The pain of fibromyalgia causes you to have all-over achiness in the muscles and joints of your body. This pain may be present no matter what medication you’ve taken or the level of activity you’ve had. Fibromyalgia sufferers might feel as if their body was just put through a challenging workout even though they feel like they barely have the energy to start their day, let alone work out rigorously.
Aside from the well-known pain of fibromyalgia, the condition also has other symptoms that are commonly present. These include sleep difficulties, restless leg syndrome, problems with digestion, and cognitive changes. Oftentimes what’s worse is that no matter how much rest or self-care is gotten, symptoms may not ease up.
Pain Perception and Fibromyalgia
The science behind pain perception is a bit complicated, especially for those suffering from fibromyalgia. In a simplified sense, multiple types of nerve endings that are present in your skin sense input from the environment around them. The can sense if something is cold, hot, heavy, sharp, or otherwise painful. These types of painful input are converted into nerve signals that make their way over different nerve pathways to the spinal cord and brain (your central nervous system- CNS). Areas of your CNS interpret those signals as different types of pain – aching, throbbing, sharp, dull, etc. It is also the job of the CNS to transmit signals to help your body to avoid the painful stimulus – for example, if you touch a hot iron, your brain will perceive that as burning and cause you to pull your hand quickly away.
For people with a fibromyalgia diagnosis, research suggests that there might be some sort of glitch or irregularity in the way that pain signals are processed. This irregularity can result in having a body that is overly sensitive to stimuli that would not normally be perceived as being painful. Research has shown that fibromyalgia sufferers might have a reduction in blood flow to the areas of the brain that are normally responsible for helping the body deal with pain.
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Fatigue and Fibromyalgia
Fatigue, sometimes severe, affects the majority of fibromyalgia sufferers. This is especially problematic, since fibromyalgia notoriously causes sleep disturbances, leading to a vicious cycle of needing sleep but not being able to rest consistently. Sleep and fatigue problems can include:
- Sleep apnea
- Restless leg syndrome (RLS)
- Inability to sleep due to pain
- Lack of deep (slow wave) sleep
- Reduced REM (rapid eye movement) sleep
Because of the associated fatigue, fibromyalgia and chronic fatigue syndrome are often confused with one another. While there is definitely some symptom overlap between the two conditions, the fatigue associated with fibromyalgia is often secondary to the widespread pain that is experienced.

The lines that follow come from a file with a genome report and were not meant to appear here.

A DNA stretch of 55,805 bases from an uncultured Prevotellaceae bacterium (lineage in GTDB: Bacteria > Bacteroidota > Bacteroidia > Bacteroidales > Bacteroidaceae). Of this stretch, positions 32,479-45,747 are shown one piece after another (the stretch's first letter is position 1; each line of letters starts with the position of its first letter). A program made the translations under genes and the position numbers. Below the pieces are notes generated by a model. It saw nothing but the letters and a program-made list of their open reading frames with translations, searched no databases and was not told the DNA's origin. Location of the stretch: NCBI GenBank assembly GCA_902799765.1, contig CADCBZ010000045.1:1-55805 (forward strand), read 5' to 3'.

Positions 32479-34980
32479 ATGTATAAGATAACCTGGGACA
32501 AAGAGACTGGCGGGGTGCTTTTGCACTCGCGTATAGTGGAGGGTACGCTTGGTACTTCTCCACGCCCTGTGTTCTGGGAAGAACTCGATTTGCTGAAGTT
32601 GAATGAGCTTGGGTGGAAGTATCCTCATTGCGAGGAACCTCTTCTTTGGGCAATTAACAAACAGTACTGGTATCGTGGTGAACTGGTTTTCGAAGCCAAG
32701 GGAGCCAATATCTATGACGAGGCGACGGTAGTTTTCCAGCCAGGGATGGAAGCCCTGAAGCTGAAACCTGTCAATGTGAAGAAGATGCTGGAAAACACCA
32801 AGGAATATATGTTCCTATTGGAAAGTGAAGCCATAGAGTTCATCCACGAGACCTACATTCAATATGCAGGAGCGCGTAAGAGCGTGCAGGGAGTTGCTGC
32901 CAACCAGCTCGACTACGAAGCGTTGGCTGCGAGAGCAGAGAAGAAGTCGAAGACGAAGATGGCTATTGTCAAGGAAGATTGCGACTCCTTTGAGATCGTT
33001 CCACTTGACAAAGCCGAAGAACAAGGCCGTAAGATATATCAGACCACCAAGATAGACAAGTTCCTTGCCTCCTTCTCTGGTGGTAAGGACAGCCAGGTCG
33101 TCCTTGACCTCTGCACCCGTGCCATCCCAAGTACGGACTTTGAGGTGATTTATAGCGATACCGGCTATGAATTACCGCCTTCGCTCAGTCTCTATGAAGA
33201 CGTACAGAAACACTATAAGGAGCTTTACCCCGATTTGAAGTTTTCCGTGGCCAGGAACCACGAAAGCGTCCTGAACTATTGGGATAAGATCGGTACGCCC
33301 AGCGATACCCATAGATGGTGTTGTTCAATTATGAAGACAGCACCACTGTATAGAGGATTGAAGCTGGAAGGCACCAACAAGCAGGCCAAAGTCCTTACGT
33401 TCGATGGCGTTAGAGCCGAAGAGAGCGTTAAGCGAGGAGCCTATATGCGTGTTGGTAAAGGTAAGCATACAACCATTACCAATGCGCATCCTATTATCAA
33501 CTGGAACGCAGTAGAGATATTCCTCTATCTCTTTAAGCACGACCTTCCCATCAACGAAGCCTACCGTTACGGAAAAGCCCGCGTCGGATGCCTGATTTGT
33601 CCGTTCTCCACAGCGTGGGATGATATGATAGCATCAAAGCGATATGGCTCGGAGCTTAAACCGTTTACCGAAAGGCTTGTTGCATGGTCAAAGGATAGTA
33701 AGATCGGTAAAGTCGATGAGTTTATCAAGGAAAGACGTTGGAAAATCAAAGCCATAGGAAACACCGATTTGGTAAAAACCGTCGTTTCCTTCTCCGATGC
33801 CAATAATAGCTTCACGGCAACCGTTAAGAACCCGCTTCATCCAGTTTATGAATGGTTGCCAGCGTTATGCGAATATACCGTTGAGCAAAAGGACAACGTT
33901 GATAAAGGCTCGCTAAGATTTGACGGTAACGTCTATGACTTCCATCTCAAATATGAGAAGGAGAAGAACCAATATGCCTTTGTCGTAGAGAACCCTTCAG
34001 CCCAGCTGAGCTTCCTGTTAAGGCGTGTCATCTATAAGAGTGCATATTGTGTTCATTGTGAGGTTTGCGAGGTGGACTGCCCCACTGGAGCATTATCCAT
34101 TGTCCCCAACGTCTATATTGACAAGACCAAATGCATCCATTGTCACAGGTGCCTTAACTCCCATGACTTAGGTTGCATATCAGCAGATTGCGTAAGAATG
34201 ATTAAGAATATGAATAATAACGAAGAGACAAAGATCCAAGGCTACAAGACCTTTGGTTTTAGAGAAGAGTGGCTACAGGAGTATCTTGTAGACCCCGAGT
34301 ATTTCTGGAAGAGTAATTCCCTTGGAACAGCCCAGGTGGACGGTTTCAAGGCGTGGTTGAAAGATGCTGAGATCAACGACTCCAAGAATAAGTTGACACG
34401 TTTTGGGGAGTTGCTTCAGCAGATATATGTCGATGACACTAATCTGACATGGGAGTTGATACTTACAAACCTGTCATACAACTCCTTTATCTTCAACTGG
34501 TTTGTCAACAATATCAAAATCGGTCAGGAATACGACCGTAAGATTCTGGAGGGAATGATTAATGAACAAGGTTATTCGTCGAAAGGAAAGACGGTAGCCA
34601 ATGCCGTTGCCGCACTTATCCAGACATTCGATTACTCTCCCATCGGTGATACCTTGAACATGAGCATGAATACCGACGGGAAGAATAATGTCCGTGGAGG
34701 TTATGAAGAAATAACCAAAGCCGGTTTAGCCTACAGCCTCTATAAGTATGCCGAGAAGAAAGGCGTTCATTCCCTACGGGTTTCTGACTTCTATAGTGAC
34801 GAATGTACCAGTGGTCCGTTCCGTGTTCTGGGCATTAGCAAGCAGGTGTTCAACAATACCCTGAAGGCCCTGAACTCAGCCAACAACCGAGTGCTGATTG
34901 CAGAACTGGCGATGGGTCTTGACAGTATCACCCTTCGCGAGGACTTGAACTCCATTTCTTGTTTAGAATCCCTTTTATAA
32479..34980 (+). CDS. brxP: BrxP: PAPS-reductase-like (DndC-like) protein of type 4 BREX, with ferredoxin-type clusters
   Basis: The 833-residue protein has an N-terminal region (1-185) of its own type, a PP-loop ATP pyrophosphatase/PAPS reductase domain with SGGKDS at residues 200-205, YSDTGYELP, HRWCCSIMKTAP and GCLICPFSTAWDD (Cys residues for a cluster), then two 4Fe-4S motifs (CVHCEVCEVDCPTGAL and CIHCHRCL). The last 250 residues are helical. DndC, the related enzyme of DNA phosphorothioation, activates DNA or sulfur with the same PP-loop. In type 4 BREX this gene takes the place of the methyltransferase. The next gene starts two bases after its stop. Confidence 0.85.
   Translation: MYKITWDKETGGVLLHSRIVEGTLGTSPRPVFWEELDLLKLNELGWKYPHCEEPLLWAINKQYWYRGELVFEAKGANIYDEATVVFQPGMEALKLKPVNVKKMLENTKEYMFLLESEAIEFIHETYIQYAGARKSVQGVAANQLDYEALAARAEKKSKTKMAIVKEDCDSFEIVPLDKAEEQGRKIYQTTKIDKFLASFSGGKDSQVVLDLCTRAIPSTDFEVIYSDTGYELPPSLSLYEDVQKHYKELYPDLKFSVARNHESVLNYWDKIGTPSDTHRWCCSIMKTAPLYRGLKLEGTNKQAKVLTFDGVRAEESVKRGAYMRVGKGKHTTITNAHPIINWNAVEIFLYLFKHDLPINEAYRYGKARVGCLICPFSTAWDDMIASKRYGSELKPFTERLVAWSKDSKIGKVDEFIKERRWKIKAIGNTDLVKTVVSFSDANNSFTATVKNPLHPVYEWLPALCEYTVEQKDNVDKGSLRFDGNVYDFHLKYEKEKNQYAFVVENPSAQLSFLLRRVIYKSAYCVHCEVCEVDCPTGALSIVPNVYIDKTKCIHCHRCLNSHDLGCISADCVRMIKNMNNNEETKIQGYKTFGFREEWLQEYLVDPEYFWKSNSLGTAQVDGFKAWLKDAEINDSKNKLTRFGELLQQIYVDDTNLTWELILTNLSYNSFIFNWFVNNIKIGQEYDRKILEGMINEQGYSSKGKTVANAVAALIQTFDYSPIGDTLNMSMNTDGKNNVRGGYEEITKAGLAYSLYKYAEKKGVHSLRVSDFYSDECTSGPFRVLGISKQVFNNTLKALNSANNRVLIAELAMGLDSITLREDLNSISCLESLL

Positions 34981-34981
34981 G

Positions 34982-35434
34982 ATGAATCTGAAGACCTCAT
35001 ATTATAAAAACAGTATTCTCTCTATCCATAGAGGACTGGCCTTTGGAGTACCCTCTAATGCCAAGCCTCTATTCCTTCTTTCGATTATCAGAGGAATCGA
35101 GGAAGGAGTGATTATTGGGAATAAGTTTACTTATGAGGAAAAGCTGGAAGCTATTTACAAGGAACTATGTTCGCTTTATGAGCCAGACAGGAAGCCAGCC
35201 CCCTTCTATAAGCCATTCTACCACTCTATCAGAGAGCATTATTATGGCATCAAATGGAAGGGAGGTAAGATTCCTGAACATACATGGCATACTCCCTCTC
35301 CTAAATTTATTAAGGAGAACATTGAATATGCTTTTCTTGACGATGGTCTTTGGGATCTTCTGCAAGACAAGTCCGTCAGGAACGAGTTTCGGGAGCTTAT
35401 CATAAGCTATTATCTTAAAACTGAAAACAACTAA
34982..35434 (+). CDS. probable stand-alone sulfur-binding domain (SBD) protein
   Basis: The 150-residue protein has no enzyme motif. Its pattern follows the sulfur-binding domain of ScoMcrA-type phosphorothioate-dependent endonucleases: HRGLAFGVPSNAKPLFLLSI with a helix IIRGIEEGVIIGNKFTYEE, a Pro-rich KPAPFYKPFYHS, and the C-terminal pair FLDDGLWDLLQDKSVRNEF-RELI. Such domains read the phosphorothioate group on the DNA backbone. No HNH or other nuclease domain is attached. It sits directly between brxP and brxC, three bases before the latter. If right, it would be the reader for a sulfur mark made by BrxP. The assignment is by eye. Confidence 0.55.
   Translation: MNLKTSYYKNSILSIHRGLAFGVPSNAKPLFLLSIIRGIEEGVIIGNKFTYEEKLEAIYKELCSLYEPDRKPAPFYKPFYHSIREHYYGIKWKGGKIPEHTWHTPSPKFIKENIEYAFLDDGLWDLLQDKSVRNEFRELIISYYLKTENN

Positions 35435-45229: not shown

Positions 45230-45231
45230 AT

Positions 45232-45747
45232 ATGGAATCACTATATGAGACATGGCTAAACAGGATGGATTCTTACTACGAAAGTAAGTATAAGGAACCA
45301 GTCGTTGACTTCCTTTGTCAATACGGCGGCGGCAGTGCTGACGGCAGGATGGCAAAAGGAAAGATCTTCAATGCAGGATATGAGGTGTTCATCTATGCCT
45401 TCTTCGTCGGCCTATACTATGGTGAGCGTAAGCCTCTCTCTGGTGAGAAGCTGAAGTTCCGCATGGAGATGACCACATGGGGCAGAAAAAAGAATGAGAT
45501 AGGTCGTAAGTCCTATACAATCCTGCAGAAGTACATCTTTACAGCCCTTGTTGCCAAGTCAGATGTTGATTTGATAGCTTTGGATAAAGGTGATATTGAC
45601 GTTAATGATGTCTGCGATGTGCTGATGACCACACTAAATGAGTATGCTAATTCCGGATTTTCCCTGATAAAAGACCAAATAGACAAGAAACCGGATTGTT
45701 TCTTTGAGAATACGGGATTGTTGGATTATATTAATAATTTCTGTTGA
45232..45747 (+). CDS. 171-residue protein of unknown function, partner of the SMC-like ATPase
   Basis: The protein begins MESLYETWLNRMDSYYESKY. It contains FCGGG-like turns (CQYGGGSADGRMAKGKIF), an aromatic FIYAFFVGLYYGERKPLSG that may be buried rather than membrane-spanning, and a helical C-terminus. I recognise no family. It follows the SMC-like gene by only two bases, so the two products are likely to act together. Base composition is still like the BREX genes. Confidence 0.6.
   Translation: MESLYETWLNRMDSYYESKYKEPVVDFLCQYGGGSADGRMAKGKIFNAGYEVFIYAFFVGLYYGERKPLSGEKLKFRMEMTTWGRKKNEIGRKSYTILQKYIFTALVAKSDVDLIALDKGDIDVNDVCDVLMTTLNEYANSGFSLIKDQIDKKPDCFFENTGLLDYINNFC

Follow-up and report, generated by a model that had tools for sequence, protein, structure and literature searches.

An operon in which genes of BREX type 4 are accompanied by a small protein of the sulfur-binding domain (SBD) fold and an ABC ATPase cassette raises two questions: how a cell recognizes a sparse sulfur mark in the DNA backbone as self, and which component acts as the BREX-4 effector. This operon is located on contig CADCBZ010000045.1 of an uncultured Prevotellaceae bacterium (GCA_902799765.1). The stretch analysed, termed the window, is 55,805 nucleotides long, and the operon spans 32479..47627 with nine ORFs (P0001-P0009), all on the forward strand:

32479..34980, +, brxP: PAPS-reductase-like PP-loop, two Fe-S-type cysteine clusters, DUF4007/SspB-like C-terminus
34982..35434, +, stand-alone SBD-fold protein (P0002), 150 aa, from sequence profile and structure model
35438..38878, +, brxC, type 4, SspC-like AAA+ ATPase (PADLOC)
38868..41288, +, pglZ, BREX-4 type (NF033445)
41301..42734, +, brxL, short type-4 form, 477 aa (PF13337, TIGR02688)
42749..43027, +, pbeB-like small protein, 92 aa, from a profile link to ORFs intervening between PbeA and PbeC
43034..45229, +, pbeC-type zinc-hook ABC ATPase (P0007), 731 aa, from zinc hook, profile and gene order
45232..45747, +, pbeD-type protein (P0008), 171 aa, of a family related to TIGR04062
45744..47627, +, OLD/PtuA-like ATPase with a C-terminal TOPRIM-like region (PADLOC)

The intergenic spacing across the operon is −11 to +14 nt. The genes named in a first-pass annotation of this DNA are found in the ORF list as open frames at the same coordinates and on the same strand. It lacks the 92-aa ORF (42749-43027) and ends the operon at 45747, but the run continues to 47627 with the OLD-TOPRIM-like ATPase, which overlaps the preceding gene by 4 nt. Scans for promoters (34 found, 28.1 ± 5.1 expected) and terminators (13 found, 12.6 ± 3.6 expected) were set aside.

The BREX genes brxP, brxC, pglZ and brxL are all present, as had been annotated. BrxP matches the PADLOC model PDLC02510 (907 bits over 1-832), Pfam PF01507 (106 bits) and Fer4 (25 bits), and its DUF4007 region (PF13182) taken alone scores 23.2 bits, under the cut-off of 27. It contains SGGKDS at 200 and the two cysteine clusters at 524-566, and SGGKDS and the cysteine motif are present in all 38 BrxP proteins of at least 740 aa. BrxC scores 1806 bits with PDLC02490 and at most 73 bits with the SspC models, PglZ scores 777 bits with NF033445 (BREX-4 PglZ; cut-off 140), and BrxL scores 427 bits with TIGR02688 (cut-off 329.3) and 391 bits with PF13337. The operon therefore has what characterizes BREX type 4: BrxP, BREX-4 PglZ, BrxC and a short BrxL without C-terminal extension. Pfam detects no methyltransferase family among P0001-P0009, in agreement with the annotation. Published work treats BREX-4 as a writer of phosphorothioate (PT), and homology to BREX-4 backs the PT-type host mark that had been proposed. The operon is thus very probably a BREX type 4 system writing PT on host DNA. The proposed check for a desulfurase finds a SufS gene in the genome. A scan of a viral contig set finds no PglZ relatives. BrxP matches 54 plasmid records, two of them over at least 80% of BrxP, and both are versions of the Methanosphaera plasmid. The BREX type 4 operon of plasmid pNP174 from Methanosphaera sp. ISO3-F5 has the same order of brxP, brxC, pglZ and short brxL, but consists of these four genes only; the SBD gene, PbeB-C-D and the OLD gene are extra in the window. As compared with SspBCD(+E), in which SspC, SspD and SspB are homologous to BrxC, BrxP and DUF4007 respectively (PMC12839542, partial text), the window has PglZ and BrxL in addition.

Brain Fog and Fibromyalgia
Changes in cognition are so common with fibromyalgia that they’ve been given their own name – fibro fog. These changes, which can be very frustrating to cope with, can include difficulty concentrating, short-term memory problems, becoming easily distracted, misplacing things, and forgetting plans. It is easy to see how these issues can have a huge impact on quality of life, especially when looking at the entire picture of fibro fog, fatigue, and pain.
Central Nervous System Care for Fibromyalgia
As more information emerges about fibromyalgia, it is becoming clear that there is a neurological component that needs to be addressed concerning the way the central nervous system processes pain. The brainstem, the part of your central nervous system that acts as a switchboard for pain processing and the relaying of other vital information concerning your body’s function, is protected by a vertebra called the atlas. The atlas is uniquely shaped for two reasons:
- To hold up the weight of your head
- To give your head the ability to move freely in all directions
Because the atlas has such a unique shape and function, it can be more susceptible to misaligning following an injury, trauma, or wear and tear. Interestingly, it is after a stressful event, illness, or injury that many cases of fibromyalgia develop. This upper cervical misalignment can cause irritation and insult to the central nervous system and interfere with its ability to function normally.
This is the way that upper cervical chiropractic approaches care for our fibromyalgia patients – we seek to optimize central nervous system function by addressing spinal misalignments that can have a negative impact. If an upper cervical misalignment is present, then it could be playing a part in abnormal pain processing, brain fog, and fatigue that is associated with fibromyalgia. Correcting an atlas misalignment should be done in a very specific way. Just as no two fibromyalgia cases are alike, no two upper cervical misalignments are alike. This necessitates a very individualized approach to adjusting, which is exactly what we provide at Balanced Living Chiropractic. Each of our patients goes through a thorough intake process which leads to the customization of an adjustment that is right for them.
Taking the time to get to know each of our patients individually and crafting an adjustment that best meets the needs of their body is part of the reason why we see such promising results for our fibromyalgia patients. Once normal alignment is achieved, the goal of upper cervical care is to allow your body to heal and hold that alignment for as long as possible. This yields the best possible outcomes, allowing for the reduction or resolution of fibromyalgia symptoms.
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